3 min read•january 8, 2023

Josh Argo

Jed Quiaoit

Just as we had with other units regarding inference, there was always the prediction inference method and the test inference method. Since sections 9.3 and 9.4 dealt with the prediction method (confidence intervals), we will not tackle the testing methods by testing claims about our population.

Recall that we'll model our slopes using a t-distribution. Likewise, previous units illustrated that a **t-test** is a statistical test that is commonly used to determine whether there is a significant difference between the mean of a sample and a hypothesized value. In the context of a regression model, a **t-test for the slope **can be used to test the statistical significance of the slope, which represents the relationship between the independent variable (also known as the predictor variable) and the dependent variable. ⛰️

In general, If the t-statistic for the slope is significantly different from zero, it suggests that there is a *meaningful* relationship between the two variables and that the slope is not equal to zero. On the other hand, if the t-statistic is not significantly different from zero, it suggests that there is *not a strong* relationship between the variables and that the slope is likely equal to zero.

The first thing we need to make sure is clear before we perform our test is to set up our null and alternate hypotheses. Since we are performing hypothesis tests on the slope of a regression model, our null and alternate hypothesis will look as according:

**H0: β = β0****Ha: β =, <, or > β0**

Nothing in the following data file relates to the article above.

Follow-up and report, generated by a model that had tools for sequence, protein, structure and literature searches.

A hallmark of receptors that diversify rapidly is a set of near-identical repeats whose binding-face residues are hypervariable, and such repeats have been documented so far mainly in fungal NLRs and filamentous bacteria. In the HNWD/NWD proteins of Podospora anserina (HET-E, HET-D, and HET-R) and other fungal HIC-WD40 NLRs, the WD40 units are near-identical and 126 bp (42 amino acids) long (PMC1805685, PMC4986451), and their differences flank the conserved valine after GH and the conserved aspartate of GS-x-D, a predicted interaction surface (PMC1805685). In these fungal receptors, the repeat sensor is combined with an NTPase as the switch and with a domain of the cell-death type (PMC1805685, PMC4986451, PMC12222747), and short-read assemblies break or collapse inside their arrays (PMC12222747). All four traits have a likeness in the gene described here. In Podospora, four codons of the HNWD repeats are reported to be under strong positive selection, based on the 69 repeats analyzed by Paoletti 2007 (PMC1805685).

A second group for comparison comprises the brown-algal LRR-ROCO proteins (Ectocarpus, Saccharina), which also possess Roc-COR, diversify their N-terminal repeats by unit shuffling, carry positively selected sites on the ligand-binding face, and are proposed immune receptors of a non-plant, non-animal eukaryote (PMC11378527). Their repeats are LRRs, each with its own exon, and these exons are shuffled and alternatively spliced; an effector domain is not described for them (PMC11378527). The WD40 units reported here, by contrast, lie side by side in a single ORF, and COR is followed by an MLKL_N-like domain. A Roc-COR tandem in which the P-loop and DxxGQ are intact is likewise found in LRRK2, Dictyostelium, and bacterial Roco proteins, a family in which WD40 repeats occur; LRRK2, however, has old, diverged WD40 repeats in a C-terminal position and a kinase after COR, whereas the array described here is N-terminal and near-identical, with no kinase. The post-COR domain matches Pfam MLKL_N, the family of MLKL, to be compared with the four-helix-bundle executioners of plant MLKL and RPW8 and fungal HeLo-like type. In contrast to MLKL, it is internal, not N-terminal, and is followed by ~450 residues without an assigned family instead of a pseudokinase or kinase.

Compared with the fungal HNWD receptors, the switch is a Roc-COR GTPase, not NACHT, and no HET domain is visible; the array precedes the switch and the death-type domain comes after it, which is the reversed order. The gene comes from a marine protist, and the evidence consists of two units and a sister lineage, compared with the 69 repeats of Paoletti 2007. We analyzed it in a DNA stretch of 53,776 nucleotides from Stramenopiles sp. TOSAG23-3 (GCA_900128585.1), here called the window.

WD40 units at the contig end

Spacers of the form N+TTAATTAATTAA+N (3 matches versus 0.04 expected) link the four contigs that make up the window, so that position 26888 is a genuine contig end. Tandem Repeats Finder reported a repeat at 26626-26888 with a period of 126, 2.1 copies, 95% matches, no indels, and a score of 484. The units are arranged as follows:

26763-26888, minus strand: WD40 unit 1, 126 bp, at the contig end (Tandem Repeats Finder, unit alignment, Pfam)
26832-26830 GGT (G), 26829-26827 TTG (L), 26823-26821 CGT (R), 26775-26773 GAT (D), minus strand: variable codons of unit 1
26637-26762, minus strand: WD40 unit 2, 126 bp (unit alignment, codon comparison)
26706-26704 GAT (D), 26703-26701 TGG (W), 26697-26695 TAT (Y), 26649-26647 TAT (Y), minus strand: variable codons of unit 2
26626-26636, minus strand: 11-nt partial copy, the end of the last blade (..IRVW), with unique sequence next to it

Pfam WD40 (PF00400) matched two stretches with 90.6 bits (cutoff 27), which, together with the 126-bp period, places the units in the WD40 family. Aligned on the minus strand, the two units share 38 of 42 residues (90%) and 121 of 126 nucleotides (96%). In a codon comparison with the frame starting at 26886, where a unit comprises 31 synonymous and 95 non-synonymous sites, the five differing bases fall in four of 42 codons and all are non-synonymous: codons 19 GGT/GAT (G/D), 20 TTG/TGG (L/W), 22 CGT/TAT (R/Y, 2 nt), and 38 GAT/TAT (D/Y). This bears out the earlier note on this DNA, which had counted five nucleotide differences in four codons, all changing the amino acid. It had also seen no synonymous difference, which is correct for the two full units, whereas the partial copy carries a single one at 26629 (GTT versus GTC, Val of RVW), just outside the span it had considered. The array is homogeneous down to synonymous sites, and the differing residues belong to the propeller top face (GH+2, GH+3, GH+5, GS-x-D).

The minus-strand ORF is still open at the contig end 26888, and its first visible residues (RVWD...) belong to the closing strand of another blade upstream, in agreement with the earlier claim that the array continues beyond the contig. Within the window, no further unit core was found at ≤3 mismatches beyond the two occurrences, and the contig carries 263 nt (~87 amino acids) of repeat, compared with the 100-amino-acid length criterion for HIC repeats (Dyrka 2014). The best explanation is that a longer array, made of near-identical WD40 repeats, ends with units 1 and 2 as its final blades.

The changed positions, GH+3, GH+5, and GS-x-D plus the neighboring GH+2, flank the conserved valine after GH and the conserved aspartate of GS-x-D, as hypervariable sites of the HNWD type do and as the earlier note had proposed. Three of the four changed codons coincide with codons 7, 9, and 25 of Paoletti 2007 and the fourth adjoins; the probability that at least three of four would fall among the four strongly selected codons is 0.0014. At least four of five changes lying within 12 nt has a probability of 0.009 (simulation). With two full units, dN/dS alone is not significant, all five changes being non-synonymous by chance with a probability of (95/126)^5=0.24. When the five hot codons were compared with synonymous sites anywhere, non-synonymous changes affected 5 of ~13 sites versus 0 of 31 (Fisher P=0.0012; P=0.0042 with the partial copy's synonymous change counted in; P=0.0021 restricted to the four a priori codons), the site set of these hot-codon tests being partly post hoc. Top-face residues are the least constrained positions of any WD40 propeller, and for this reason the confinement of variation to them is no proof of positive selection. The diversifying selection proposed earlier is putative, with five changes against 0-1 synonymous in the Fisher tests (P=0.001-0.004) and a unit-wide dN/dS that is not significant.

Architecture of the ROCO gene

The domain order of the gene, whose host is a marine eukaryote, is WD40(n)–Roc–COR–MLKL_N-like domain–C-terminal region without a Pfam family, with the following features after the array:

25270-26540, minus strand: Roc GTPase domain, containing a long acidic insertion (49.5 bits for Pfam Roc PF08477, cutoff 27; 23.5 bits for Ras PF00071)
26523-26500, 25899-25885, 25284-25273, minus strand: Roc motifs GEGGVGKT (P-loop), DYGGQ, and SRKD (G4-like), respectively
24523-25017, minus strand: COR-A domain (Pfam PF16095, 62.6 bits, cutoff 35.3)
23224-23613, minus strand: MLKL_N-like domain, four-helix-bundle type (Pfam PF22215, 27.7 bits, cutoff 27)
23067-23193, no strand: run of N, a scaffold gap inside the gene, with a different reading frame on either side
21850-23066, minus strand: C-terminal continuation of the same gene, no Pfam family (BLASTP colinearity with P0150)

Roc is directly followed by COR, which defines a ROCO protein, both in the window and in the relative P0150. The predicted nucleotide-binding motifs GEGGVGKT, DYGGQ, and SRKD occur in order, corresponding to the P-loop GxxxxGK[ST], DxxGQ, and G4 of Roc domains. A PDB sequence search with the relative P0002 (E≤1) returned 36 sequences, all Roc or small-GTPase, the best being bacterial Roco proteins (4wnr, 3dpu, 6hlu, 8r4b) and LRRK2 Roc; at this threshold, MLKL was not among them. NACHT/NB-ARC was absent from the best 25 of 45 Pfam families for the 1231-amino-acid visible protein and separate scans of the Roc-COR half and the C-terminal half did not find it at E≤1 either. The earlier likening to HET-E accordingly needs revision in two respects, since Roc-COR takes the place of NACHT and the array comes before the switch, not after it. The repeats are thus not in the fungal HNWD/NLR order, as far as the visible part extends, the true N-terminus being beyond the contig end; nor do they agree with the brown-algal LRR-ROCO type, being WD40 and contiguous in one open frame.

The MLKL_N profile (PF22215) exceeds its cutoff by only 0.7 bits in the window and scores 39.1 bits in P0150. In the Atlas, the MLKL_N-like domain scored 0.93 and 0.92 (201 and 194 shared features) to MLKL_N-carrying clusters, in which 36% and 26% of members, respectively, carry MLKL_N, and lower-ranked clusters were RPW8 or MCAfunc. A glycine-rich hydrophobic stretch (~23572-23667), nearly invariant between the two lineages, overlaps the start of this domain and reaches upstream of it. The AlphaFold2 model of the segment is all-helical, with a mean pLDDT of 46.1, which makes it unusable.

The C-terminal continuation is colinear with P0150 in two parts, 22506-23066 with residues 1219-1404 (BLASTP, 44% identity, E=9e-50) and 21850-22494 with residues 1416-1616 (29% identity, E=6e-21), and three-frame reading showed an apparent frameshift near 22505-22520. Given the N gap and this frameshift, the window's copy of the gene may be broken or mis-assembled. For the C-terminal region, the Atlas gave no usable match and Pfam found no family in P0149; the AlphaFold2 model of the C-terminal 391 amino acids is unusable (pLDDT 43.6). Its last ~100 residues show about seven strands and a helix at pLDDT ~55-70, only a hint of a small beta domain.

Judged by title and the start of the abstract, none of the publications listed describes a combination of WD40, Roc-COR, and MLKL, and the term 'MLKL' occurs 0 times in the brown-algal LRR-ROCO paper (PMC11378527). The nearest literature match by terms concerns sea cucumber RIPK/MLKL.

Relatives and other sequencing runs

(where β0 is the hypothesized value from the null hypothesis)

For example, an Easter candy researcher may claim that the correlation between the number of jelly beans consumed per day and the amount of Easter grass cluttering the house has a slope of 40 ("As the jelly bean consumption increases by 1, the number of easter grass pieces is predicted to increase by 40"). 🐰

If this were the test, you would test it using these hypotheses:

**Ho: β = 40****Ha: β ≠ 40**

Often times with hypothesis test for slopes, we are not testing a null hypothesis, but merely testing that things are correlated. Therefore, our 0 = 0 in that case and we are testing against the fact that our null slope is 0.

Just like our other hypothesis tests, we have **conditions** for the inference that must be met. For hypothesis tests for slope, here are the **four** necessary conditions: 4️⃣

- Residual plot does not appear to show a pattern for the relationship between x and y
- Standard deviation for y does not vary with x. (Check for no “fanning” on residual plot)
- Independence
- Random sample or random experiment
- 10% condition
- For any particular value of x, the responses for y are normally distributed
- Sample size is at least 30
- Sample data is free of any skewness or outliers

All of these things must be stated explicitly before proceeding to calculate the actual test!

The test you will run in this instance is a Linear Regression T Test for Slopes. In most graphing calculators, this is known as **LinRegTTest** under the **Stats>Tests** menu. 📝

Since we are dealing with quantitative data and it is unlikely we know the population standard deviation of y, we must use a t distribution for our critical value.

Let’s go! You have now verified the conditions to be met, wrote your hypotheses and identified the correct test, so we can calculate now! ❤️

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